A linear accelerator produces a beam of either electrons or very high energy X-rays. The radiation beam can be shaped and directed to match the tumor shape. The beam of radiation is directed on to the patient within an accuracy of 2mm. This is achieved by a combination of:
• control and shaping of the X-ray beam
• accurate patient positioning with respect to the X-ray beam.
Shaping of the beam can be achieved in three ways:
• use of the primary and secondary collimators. These are large tungsten blocks which can shape the X-ray beam into the appropriate square shape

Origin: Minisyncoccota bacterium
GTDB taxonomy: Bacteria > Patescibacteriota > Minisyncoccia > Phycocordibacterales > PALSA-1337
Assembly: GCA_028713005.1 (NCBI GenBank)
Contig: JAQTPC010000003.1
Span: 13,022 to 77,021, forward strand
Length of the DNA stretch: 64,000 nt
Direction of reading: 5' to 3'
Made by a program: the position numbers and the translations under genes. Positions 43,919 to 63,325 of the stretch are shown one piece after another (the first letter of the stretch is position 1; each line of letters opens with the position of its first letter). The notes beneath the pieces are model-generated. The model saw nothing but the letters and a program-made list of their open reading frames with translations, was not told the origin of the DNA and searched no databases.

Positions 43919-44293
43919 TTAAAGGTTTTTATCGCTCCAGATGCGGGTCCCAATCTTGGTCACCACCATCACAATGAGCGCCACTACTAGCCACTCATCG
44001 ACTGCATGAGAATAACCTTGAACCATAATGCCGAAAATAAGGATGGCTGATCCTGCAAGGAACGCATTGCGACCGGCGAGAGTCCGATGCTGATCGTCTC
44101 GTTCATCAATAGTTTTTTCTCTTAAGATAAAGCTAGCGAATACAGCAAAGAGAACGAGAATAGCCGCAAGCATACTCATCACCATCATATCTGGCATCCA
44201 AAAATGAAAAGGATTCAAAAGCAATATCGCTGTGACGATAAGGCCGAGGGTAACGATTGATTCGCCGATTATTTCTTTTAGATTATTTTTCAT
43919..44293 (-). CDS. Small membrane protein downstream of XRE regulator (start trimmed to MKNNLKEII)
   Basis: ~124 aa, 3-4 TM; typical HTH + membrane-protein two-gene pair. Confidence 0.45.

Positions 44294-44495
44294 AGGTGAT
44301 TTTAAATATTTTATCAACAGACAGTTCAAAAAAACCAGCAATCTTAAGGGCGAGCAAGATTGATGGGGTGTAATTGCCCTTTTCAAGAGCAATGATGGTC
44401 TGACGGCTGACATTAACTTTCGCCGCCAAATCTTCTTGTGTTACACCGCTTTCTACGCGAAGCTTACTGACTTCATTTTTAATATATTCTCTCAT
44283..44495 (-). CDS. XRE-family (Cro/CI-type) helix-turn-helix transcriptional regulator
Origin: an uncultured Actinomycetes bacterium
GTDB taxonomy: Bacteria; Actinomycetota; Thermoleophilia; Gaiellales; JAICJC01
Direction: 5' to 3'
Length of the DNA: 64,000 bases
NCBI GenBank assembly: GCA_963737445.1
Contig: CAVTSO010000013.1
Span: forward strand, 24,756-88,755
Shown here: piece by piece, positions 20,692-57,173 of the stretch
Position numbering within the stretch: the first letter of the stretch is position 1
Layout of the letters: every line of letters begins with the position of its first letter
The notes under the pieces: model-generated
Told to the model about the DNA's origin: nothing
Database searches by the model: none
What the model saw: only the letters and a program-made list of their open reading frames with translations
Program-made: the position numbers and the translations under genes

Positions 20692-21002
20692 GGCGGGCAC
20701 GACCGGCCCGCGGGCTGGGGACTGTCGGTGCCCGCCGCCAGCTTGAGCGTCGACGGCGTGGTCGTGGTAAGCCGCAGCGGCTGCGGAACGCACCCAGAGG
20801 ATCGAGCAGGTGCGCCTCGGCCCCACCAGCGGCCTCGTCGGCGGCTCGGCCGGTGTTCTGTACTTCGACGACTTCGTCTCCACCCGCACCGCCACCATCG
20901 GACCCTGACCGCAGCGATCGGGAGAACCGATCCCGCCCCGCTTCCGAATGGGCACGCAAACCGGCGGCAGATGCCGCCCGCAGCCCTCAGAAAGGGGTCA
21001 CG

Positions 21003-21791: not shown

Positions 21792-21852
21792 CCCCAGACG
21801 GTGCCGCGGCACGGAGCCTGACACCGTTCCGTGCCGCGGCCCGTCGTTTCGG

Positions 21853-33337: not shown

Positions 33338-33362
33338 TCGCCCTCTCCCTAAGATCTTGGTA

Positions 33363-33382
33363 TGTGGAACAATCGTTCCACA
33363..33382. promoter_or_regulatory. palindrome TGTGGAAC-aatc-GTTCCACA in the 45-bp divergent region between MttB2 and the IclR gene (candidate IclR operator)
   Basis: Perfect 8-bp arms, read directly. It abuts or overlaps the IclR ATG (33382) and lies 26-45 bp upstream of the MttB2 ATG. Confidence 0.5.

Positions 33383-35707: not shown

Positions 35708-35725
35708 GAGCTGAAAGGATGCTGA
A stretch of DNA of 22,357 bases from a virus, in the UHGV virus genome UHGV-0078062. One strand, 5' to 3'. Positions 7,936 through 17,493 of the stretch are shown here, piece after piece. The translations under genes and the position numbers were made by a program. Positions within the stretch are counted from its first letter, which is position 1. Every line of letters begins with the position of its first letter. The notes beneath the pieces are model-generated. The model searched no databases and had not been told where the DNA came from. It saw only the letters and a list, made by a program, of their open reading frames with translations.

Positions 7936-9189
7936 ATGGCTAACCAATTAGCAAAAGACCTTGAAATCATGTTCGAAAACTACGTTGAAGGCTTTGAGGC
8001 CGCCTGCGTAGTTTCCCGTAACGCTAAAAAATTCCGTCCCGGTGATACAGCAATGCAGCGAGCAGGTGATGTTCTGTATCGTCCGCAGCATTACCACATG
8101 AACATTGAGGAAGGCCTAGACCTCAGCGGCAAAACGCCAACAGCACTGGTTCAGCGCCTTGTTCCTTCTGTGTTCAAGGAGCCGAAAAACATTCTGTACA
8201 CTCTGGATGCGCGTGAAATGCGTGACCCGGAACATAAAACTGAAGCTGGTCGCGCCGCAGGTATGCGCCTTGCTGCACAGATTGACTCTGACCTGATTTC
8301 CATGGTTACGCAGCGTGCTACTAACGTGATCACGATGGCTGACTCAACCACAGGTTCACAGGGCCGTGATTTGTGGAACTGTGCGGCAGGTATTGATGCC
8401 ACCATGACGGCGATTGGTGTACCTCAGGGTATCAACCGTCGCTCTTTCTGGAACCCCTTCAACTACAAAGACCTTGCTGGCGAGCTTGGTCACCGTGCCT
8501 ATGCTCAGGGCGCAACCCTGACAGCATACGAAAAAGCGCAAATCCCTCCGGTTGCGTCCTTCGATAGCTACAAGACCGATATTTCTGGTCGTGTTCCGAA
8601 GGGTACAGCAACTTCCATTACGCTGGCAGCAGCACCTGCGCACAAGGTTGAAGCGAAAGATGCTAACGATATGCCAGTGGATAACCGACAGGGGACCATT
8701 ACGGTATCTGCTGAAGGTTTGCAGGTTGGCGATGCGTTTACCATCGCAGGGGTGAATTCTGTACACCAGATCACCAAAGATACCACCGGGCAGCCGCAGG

• custom blocks -- these are cast blocks which are specifically for an individual patient to shield sensitive tissue or structures and can be made to the exact shape
• Multileaf Collimator (MLC) -- these are fine leaves (usually1cm wide) that are computer-controlled to match the shape of the tumor. Use of MLC is now common practice in many countries.